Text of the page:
Your cast iron skillet is one of the most versatile items in your kitchen. Don't let a few old wives' tales stop you from using it for well... everything!

By Mandy Naglich
February 24, 2020
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A cast iron skillet is a kitchen tool that seems endowed with magical powers. It's non-stick, but you can still use metal utensils on it. It cooks the flakiest golden pie crust and gives a whole chicken a perfect crispy skin with tender meat. It only improves with age; in fact great grandma's hand-me-down skillet is shinier than one bought new from the store.

With all of these enchanting traits, it's not too surprising that cast iron is also shrouded in some myth. Today we're here to bust one of them.

Can Savory and Sweet Dishes Be Cooked in the Same Cast Iron Skillet?

The simple answer is yes! But to really do it right, we have some tips for keeping your cast iron in tip-top shape for the most decadent desserts and meatiest stews.

This myth exists because unlike teflon, hard-anodized, or other non-stick pans, cast iron's non-stick layer is made from using oil and heat. Heating fat on this massive hunk of metal causes the two to bond together in a process called polymerization. Once the fat cools on the metal, it is more similar to a plastic than it is a cooking oil. But, people still perceive that layer of polymerized oil as more organic than the chemicals used to seal other nonstick pans. The "natural" quality of this nonstick layer leaves people to believe that their cast iron is more likely to pick up strong flavors.

It is true that this layer can have flavor carryover. But, the benefit of the create-your-own nonstick surface that is inherent to cast iron cookware is that if a little flavor is left hanging around in the very thin — literally just a few molecules deep — layer of polymerized oil, we can make a new neutral layer in a few simple steps.

How to Thoroughly Clean Cast Iron

First, it's fine to use a mild soap to remove any food that may be sticking to your pan. There we go, another myth busted!

Now that the crusty food is gone, a simple baking soda scrub will restore it to its former, flavorless, glory. Use baking soda and water in a 2:1 ratio, it should form a thin paste. Scrub this into the pan with a soft or plastic bristle brush and then allow the paste to sit for two to five minutes. Just like the stinky aromas in your refrigerator, the baking soda neutralizes the leftover flavor that may be in the top layer of your cast iron.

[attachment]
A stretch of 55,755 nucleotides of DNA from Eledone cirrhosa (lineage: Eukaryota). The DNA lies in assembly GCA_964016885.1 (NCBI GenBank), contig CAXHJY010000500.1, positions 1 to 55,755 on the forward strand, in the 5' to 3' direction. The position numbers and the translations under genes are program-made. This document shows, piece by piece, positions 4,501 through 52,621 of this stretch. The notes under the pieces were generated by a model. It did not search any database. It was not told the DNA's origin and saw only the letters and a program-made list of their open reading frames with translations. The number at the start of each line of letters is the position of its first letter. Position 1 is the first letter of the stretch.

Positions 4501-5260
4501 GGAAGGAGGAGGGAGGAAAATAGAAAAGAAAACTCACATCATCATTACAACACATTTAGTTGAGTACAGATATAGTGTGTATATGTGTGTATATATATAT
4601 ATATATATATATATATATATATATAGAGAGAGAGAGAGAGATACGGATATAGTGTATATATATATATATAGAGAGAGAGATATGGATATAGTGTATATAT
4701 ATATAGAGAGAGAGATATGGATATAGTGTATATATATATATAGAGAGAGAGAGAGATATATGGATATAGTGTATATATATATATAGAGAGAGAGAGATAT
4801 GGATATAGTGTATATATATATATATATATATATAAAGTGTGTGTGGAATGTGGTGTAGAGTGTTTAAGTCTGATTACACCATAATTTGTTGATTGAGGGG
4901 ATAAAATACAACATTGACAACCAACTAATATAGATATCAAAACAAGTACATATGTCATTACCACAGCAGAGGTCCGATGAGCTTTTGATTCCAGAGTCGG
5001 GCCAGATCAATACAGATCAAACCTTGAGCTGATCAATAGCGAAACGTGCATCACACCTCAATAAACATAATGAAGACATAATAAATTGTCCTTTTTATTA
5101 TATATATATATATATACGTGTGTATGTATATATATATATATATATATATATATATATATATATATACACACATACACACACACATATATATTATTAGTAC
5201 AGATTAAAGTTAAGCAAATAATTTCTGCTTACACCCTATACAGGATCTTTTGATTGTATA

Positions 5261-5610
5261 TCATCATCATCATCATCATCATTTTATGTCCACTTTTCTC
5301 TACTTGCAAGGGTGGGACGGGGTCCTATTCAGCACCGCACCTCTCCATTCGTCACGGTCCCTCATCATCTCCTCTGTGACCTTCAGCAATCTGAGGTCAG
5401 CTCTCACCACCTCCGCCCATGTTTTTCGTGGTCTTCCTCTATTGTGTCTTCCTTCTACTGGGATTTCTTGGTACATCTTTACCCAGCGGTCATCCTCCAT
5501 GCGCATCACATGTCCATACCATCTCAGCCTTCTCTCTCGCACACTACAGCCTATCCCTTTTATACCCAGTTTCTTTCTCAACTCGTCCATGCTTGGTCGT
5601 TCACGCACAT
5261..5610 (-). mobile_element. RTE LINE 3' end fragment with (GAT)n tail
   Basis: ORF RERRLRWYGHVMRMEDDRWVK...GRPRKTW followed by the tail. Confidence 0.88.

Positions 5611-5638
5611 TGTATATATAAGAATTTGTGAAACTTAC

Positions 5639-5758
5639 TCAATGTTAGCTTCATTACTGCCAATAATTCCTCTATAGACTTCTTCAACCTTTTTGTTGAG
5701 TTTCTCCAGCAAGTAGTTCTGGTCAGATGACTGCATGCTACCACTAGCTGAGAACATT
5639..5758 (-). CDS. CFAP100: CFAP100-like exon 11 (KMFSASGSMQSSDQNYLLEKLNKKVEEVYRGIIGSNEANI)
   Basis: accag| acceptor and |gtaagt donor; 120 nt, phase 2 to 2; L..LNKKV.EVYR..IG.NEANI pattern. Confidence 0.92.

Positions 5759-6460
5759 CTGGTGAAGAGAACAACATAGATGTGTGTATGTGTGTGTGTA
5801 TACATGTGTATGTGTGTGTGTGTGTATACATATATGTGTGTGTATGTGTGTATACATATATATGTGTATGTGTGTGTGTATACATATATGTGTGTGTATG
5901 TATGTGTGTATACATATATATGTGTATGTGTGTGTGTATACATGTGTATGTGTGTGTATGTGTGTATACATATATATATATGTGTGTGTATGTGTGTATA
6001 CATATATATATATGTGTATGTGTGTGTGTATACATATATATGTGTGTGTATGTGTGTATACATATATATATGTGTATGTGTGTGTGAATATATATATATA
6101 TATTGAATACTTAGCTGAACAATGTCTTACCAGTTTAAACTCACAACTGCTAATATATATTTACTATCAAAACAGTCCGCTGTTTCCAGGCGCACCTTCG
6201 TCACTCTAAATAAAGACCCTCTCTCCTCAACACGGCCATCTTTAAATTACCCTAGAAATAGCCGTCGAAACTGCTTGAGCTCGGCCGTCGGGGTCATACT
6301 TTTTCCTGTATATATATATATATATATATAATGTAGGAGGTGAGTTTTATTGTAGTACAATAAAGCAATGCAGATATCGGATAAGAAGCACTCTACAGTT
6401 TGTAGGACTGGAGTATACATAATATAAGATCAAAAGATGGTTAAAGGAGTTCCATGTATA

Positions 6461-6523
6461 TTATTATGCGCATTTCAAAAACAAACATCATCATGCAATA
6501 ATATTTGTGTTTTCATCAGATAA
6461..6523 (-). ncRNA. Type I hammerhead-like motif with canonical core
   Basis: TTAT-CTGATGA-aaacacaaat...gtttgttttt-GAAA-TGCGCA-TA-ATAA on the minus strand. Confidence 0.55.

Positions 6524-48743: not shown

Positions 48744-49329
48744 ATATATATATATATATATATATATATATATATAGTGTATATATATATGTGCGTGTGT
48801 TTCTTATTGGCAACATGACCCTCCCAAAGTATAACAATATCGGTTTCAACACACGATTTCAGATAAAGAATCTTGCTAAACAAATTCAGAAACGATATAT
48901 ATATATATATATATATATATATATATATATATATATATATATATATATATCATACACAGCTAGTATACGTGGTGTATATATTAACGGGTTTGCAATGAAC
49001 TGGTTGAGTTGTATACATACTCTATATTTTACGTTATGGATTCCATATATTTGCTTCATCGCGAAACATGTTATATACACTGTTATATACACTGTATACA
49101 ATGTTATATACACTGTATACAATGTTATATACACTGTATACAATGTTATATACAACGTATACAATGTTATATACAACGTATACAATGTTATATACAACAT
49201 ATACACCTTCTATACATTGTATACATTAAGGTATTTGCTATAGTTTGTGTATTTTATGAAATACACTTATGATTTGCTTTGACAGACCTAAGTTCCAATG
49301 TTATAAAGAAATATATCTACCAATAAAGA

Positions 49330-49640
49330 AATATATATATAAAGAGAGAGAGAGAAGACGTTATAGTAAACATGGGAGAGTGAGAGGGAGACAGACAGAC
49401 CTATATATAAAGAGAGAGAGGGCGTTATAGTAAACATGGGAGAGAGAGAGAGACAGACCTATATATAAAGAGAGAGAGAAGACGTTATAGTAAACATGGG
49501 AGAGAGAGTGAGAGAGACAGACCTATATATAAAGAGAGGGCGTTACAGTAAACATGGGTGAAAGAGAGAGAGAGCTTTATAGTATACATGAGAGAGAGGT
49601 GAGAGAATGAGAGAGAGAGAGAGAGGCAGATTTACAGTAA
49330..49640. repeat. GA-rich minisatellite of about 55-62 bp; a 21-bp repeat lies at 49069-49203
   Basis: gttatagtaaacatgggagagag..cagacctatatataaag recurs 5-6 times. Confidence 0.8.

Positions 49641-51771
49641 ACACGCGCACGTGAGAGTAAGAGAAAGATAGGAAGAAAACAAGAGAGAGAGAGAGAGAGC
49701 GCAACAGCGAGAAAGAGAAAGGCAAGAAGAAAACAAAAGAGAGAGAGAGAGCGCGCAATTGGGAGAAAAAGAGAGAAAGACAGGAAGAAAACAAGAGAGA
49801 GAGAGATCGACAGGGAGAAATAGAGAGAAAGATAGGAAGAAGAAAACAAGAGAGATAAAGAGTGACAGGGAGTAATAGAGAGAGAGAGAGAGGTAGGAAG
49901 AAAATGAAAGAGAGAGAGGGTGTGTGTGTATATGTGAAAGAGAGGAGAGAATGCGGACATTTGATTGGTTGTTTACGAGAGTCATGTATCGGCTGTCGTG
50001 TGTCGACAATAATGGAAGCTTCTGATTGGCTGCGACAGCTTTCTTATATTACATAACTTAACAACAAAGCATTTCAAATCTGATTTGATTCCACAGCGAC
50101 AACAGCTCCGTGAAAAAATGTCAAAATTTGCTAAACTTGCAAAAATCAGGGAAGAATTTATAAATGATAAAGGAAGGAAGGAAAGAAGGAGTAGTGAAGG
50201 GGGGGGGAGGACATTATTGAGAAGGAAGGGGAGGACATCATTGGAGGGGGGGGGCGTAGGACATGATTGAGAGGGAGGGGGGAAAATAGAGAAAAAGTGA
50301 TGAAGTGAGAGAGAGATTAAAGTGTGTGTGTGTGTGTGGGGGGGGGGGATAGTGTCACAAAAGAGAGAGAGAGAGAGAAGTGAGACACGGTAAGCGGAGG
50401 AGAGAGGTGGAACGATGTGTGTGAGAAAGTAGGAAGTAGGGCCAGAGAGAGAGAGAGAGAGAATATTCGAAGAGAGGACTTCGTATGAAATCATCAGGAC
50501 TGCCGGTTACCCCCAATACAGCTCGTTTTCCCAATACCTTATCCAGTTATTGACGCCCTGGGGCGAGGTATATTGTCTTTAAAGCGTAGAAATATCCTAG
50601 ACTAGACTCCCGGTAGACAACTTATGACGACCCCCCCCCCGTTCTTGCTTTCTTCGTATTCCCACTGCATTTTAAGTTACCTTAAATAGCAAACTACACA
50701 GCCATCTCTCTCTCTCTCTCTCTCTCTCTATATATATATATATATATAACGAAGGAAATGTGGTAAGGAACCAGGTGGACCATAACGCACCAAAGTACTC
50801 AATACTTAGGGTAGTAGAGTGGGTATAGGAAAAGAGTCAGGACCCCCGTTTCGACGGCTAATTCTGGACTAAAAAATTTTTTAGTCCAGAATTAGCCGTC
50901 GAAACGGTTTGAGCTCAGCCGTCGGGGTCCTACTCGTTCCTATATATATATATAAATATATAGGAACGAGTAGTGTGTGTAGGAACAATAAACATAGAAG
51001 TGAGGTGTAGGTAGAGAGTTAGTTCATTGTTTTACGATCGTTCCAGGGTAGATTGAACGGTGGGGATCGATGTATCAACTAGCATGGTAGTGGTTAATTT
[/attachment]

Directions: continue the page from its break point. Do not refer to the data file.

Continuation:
Then rinse the paste out of the skillet and wipe with a paper towel or a kitchen rag. If you went really crazy with the fried catfish or boiled clams in the skillet and you're about to make Grandma's pear upside down cake in it, go ahead and give the skillet another baking soda bath. If the flavors of the previous dish weren't too strong, skip the second scrub and follow these steps to re-season your skillet.

How to Season Cast Iron Cookware

Once all the flavors are neutralized, it's time to re-season. Put your skillet on a burner over medium high heat to ensure it dries completely. Contrary to popular belief it's not acidic food, soap, or metal tools that will damage your cast iron; it's water. Moisture can cause cast iron to rust especially if it is sealed in by a layer of polymerized fat, so don't skip this step.

When the water has evaporated from the skillet, it will be nice and hot. Pour about two teaspoons of a neutral oil, like avocado or canola, into the skillet, and carefully wipe the oil across the surface of the skillet with some paper towels. Please be very cautious not to touch the hot skillet! Once the pan is coated let it continue to heat until it just barely starts to smoke. Turn off the heat, and once it is cooled completely you have a neutral, seasoned pan ready for even the most delicately flavored dishes.

Now that you know your skillet is ready for anything sweet, savory, or somewhere in between, check out our collection of the best recipes to make in your cast iron.